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The author, an associate editor of Litigation, is with Barack Ferrazzano Kirschbaum & Nagelberg LLP, Chicago.
It was a scene worthy of the most corrupt Wall Street trader. On a May afternoon in 2011, police officers surprised an alleged wrongdoer in the midst of his working day, clasped him in handcuffs and, before a crowd of gawking bystanders, marched him off to jail in a show of law-enforcement zeal. With the media well notified in advance, the TV cameras rolled as the arrestee arrived at the processing center and was paraded for the world to see in the famed “perp” walk, an indignity that in some jurisdictions has become a standard feature of American criminal law. Its supporters tout its usefulness as a visible reminder to lawbreakers that they will pay a high price, including public humiliation, for their mistakes. Critics note that the practice seems to be favored particularly by those prosecutors dependent on the ballot box for their survival.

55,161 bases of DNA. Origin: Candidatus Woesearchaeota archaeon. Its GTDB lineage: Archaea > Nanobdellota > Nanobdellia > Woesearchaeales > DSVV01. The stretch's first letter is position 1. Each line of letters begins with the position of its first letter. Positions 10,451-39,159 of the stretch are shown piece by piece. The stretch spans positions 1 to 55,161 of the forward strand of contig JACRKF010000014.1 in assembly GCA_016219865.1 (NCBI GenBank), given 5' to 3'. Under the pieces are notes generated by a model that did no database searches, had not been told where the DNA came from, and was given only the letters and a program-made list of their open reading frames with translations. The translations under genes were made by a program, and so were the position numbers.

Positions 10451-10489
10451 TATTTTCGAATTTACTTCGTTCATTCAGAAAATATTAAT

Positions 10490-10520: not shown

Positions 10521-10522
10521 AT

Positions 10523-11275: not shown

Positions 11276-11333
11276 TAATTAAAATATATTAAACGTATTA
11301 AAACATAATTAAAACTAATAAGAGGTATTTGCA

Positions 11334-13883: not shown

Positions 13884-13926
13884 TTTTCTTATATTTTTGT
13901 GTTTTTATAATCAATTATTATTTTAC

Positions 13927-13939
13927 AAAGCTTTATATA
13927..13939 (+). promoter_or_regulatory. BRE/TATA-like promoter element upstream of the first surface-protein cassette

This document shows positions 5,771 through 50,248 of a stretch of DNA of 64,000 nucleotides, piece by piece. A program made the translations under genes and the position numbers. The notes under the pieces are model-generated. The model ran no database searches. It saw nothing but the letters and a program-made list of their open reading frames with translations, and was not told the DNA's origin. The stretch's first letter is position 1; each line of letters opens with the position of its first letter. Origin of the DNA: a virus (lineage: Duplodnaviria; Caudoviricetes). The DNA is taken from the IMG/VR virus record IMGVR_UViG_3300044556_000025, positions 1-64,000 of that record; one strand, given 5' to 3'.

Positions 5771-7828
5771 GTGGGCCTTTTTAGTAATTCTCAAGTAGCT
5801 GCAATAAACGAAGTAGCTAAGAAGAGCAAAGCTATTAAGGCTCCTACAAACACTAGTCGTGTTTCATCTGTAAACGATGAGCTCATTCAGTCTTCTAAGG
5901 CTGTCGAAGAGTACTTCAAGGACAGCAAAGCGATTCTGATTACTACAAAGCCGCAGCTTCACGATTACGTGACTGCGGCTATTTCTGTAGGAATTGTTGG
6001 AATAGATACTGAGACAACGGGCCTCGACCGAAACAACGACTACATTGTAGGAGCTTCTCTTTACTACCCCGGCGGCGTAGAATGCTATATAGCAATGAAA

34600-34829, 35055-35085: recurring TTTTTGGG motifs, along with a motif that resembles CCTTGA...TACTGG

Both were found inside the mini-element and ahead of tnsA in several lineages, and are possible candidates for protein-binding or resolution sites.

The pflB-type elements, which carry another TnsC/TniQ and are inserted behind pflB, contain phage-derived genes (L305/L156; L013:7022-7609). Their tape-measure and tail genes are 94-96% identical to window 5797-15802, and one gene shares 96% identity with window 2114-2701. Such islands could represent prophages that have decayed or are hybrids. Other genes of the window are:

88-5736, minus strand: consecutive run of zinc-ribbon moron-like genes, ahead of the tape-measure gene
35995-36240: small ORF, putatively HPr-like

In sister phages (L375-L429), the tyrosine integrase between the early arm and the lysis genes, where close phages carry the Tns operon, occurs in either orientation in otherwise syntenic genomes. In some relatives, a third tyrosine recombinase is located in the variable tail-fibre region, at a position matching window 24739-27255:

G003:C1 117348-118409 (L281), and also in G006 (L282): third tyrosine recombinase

Whatever the motive, its impact is undoubtedly dramatic. Who could forget, after all, the scene early one snowy December morning in Illinois when a sitting governor was confronted by police officers on the stoop of his home, handcuffed unceremoniously and walked off to jail to face charges of having attempted to sell a seat in the United States Senate? No one can know for sure what role, if any, such memories had on the members of the Illinois legislature who later impeached and convicted Rod Blagojevich, removing him as governor, or on the federal jury that convicted him on multiple counts of corruption. Are we prepared to say it was a negligible one?